Anatoly Karpov Interview 2018 – On Fischer, Kasparov, Carlsen, the FIDE Elections and More
When the 12th World Chess Champion Anatoly Karpov and GM Ron Henley were at the iChess studios last month recording Karpov’s 15-hour Master Method, we couldn’t resist the urge to sit them down for some tea and a chat about everything chess. Ron is a good friend of Anatoly – their relationship goes back to the 1990s when Henley acted as Karpov’s second, analyst and trainer for many of his matches.
Nowadays, Karpov still plays chess, but he’s dropped the classical time controls. He says he doesn’t have the stamina to sit at the chessboard for hours at a time anymore. He’s 67 years old and has been playing chess since he was four. Karpov saw career success from early on, and that trend still continues – he’s participated in rapid and blitz tournaments this year, including a match against the women’s highest-rated player Hou Yifan, and finished first in each of them. He’s brought his total number of outright international and national tournament victories in his career up to an impressive 185.
Age is something that catches up with all of us. Ron and Anatoly reminisce over a few chess players and friends who have left us in the past few years, in particular, Viktor Korchnoi. Korchnoi was one of the strongest chess players to never become a World Chess Champion. He played in two World Championship matches, both against Karpov in 1978 and 1981 respectively. The 1978 match was famously rife with controversy. The off-the-board shenanigans ranged from the X-raying of chairs and protests about the flags at the board to Korchnoi’s glasses and accusations of hypnotism. At one point, Karpov’s team sent Karpov a yogurt which was protested by Korchnoi’s team, claiming it could be some kind of code.
“I saw him [Korchnoi] a few months before his death [in 2016],” says Karpov. “It was for the opening ceremony in Zurich, a very strong International tournament. We improved our relations and, a not well-known fact, Korchnoi played three years for my team in the Russian Team Championships.”
Korchnoi was one of the greatest attacking players of all time. “He was grabbing pawns, poisoned pawns,” Karpov says with a smile, “and he tried to defend with extra material. He won many games like this. One of the biggest fighters who played for a win.”
Karpov on Bobby Fischer
Fischer versus Karpov was the match the world was robbed of in 1975. Fischer, unable to agree to match conditions, forfeited the title, making Anatoly Karpov champion by default as he had finished first in the Candidates Tournament in 1974 (the final match of the Candidates was against Korchnoi). It was a pivotal moment in Karpov’s career. Originally, some people questioned the legitimacy of his title due to the fashion with which he gained it, however, these were soon swept aside as Karpov went on to compete competitively in nearly every major international tournament for the next ten years, and successfully defended his title until 1985, and later between 1993 and 1999.
Everyone agrees that Bobby Fischer was one of the best chess players to have lived. What made him so great? “He was a fantastic hard worker and he made everything by himself so he understood chess very well. He knew chess theory… he made his own analysis and he was a big fighter. He played for a win each game.”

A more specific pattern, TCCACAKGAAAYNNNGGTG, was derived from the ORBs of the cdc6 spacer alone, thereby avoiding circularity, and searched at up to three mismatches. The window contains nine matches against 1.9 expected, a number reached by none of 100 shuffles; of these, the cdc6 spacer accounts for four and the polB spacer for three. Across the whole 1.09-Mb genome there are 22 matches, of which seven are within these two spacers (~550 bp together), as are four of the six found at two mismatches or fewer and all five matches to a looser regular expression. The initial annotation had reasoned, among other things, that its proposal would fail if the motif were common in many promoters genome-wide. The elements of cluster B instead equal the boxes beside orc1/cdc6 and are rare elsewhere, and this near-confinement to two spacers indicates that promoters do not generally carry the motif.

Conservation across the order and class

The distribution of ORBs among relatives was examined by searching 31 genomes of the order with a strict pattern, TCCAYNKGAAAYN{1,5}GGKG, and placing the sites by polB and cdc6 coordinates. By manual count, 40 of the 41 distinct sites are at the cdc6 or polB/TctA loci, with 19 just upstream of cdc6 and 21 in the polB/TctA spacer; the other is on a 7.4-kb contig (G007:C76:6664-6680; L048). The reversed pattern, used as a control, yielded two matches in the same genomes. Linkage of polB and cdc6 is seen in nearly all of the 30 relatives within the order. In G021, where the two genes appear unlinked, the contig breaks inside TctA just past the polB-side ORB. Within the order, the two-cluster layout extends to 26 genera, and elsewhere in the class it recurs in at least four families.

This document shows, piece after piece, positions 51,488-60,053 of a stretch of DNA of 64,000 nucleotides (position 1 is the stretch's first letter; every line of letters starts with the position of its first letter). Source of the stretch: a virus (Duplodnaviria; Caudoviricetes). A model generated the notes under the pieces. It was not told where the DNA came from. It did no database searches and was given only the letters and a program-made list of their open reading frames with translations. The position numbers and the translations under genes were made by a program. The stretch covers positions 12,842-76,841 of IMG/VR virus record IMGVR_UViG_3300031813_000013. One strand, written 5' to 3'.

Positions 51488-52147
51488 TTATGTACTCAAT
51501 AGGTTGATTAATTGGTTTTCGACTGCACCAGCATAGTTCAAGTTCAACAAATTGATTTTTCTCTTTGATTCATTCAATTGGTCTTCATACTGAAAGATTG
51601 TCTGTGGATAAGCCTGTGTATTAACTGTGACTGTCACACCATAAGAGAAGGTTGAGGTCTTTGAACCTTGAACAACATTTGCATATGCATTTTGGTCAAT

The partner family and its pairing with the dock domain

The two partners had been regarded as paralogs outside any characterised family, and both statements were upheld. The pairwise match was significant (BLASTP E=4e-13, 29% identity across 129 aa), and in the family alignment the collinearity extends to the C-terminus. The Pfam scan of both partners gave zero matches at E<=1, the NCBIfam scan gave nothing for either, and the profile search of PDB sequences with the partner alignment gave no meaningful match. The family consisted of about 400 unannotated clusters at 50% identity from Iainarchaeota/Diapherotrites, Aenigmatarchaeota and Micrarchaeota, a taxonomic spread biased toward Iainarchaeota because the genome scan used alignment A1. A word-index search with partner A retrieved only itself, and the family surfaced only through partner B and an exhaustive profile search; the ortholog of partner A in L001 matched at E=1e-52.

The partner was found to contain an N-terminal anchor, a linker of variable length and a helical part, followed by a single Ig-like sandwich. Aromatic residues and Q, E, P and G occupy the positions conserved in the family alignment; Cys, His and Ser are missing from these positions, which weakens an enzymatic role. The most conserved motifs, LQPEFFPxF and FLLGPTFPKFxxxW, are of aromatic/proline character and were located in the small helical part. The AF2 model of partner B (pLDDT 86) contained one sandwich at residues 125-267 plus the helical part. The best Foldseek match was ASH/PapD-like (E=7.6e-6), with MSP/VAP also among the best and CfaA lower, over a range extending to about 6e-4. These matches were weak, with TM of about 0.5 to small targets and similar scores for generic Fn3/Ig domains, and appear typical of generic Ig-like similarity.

At that time, you wouldn’t always see players fighting for a win. “I remember world champions, especially [Tigran] Petrosian, were ready to make a draw each game, especially with Black. People told me that in the tournaments, after the drawing of lots, Petrosian would make his own projections. ‘Okay, with his player I will draw, with this player I will try to win’, or ‘with this player, I will win for sure!'”
The question many have wondered is who would have won in a clash between Karpov and Fischer. Some, like the 10th World Chess Champion Boris Spassky, have said they think Karpov would have lost the first match in 1975, but then would have defeated him in 1978. Others say that part of the reason Fischer couldn’t agree on the match conditions was that he was worried he would lose to Karpov. Whatever the case, there was a change in Karpov’s play around this time. “In general, after the canceled match, I felt I can better control the situation on the chessboard with d4 [rather] than e4. With e4, sometimes you enter traps in opening preparation. But with d4, you have better positional control.”
“Also, for instance, if you play with a weak player, then you don’t want to play a forced variation because, especially now with computers, the opponent can make preparations.” As Ron Henley points out, with a forced variation, when there is only one good move, even a weaker opponent can stumble their way through it. Computers have made a large difference in how chess is played. Karpov says, “With strong players, you have the same idea – somebody can use the computer and make a longer variation, a longer analysis than you.”
Karpov on Garry Kasparov
Talking about chess computers will inevitably lead you to Garry Kasparov. Kasparov famously played against the IBM supercomputer Deep Blue in 1996, and again in 1997 when a computer first became strong enough to defeat a reigning world champion in a match under standard chess tournament time controls. While this match defeat went down in history, Karpov says that computers were crucial in Kasparov’s success.
“He was the first who explored this new technology in chess, and then he had a big advantage in chess openings. Later, he lost this advantage and I believe this was very unpleasant for him because now even mid-level grandmasters were on the same level of opening knowledge. He used to play with a big advantage from the beginning, and now he doesn’t get it.”
Karpov and Kasparov were involved in one of the biggest rivalries in chess history. They had played each other for the title in 1984, but that match became the first, and so far only, world championship match to be controversially abandoned without result. When they met again in 1985, it was Kasparov who dethroned Karpov when he became the youngest ever undisputed World Chess Champion at age 22. They would meet again for fierce World Championship battles in 1986, 1987 and 1990.